Thursday, December 22, 2016

Snow Dough!

     Recently, my wonderful EES Kindergarten colleagues mentioned to me that they were going to make fake snow for their students to play with during choice time. What?! Snow that doesn't melt? I'm in.

   That afternoon I went directly to the store, where I picked up just two simple ingredients, for a grand total of $3.

   Now, I have made a lot of dough and slimes with kids. Flubber, diy bouncy balls, Ooblek, homemade play dough, and most recently, an attempt at kinetic sand. (Fail.) While all of those things have merit, none has had the wow factor of the snow dough.

   It's heavy, cold, packs like real snow, and crumbles back apart again. It has true heft- the two quarts I made weighted almost five pounds- it might even be heavier per volume than the real deal. And it really looks like snow.
I swear I didn't shovel this from the playground.
 Depending on what conditioner you use, it could be neutrally or strongly scented. It would be delightful to scent it with peppermint oil or balsam, but I am all about trying the two-ingredient method to start out. The 4lb. box of baking soda mixed easily in a large bowl with the conditioner. No doubt there are real recipes and proportions for this, but I winged it, and used all but an ounce or two of the conditioner, which I am saving in case it seems dry later. So that was it for the recipe- a 4lb box of baking soda and 13 ounces of conditioner.

Offer artists buttons, sticks, pipe cleaners, and little pine branches.
So, you might be wondering, what does this have to do with art? Isn't this just free play, and how is it teaching anything?

Open-ended exploration of art materials leads to exactly the places I want kids to go- spontaneous creative places. Questions that students ask (such as, What can I make? How does this material work?) encourage social interactions around creative tasks, language skills, and fine motor skills.  Consider this question asked: Can we put cars in it? Do we have a snow plow?

 Creative ideas like acting out Katy and the Big Snow, shown above, connect to literacy and storytelling. Creativity becomes collaborative when students offer additional questions, like Who could we have Katy save? Let's get more cars!

This is not what art class always looks like. I teach many structured lessons, but art teachers have a few perpetual challenges for which I have developed a variety of answers over the years. What to do with early finishers? (Sketchbooks, stations, art jobs.) What to do with an extra class before a school vacation? (Don't begin something new with a group you aren't going to see again soon.) Give them, and yourself, a break. Do fun stations.

That. by the way, is the face of authentic surprise, joy, and disbelief in how the faux snow works and feels.
And that's what this is- a super fun station kids K-5 clamor to get their hands into. Put a fake fire on your projector screen, put on some instrumental sleigh-riding music, and relax with awesome art activities.  My biggest take-away from making this seasonal dough is to make more!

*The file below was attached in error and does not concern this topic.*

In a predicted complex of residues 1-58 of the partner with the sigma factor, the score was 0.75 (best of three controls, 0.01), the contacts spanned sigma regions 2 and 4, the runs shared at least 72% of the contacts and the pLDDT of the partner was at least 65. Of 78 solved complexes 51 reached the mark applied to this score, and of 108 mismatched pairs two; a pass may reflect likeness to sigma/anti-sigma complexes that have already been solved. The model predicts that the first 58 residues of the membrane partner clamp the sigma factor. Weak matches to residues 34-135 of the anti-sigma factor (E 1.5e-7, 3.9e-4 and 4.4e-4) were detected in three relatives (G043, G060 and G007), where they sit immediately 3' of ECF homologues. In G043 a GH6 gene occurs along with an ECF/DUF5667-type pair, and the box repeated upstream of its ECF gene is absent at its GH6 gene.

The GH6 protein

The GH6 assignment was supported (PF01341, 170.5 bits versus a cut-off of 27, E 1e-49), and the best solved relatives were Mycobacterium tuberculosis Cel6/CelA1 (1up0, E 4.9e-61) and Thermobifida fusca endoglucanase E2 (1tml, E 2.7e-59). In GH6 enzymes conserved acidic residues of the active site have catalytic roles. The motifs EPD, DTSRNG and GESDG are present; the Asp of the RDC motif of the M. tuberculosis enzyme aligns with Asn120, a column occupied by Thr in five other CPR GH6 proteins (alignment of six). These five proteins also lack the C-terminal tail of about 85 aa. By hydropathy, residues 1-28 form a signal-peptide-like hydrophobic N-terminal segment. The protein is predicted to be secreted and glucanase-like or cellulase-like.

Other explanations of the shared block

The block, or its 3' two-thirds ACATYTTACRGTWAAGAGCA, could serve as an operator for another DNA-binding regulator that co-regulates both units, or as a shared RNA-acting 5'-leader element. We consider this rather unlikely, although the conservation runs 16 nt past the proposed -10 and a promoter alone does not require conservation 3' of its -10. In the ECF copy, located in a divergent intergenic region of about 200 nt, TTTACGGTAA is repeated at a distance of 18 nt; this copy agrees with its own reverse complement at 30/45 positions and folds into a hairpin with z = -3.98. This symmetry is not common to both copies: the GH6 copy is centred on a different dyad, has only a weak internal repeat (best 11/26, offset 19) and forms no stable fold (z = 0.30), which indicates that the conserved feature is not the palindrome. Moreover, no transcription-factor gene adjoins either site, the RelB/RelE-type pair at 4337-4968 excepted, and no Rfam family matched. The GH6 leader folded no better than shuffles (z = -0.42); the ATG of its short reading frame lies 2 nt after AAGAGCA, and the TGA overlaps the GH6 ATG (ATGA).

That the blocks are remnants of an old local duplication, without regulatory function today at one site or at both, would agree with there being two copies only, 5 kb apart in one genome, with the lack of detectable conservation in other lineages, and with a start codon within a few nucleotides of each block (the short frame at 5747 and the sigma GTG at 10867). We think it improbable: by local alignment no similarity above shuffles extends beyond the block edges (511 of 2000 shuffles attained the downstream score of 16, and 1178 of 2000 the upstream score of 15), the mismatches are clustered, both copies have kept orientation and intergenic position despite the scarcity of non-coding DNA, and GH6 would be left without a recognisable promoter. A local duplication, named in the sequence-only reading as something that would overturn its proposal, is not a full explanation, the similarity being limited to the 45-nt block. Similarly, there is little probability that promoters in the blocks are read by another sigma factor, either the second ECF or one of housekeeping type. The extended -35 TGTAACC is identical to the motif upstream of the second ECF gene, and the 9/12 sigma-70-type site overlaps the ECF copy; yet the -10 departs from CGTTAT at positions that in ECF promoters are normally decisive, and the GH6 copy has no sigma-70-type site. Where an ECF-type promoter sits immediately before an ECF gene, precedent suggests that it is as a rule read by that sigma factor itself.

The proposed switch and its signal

Sunday, December 4, 2016

Fantasy Fish

What happens when students watch nature documentaries in art class? They combine all of the design elements that they know to create some fantastic fishies.

Second graders spent time in art class observing tropical fish swimming around coral reefs, and virtually exploring the Great Barrier reef.

Students were asked to make observations about the shapes, patterns, colors, and forms that they noticed in the different fish species. On that first day, students shared the things they noticed about the commonalities and differences in different fish varieties, and made sketches combining these to make an original fish all their own.

The video footage was left running for students to observe the landscape as well. There were so many types of plants, corals, and urchins in endless forms and a rainbow of colors to inspire the habitats students created for their creatures.

Artists used several different materials for their projects, beginning with pencil sketches. The sketches were colored in with a thick waxy layer of crayon. 

The crayon acts not only to add bold color, but to resist the watercolors painted over it. I make liquid watercolors from old markers, which I soak in containers of water and combine in different ways to create lots of colors. These are stored in repurposed glass jars, which I label by dipping a strip of white paper in each paint and taping it to the jar so students can see the colors.

These act just like any other watercolor when painted over wax, and they interact beautifully with salt as well. 

When the watercolor is newly painted on and still damp, students sprinkle a little pinch of salt on top, and it absorbs water and color to create the little white "bubbles" in the picture above. When added to those white crayon swirls to show the water current, it makes a pretty convincing ocean!

 I am easily suckered by students who ask for extra materials to create a little more enchantment in their artwork, so when kids asked for glitter, I knew just the kind, and several artists chose to add some diamond dust glitter to their fish. Because, Mrs. Elliott, ocean water is sparkly, after all!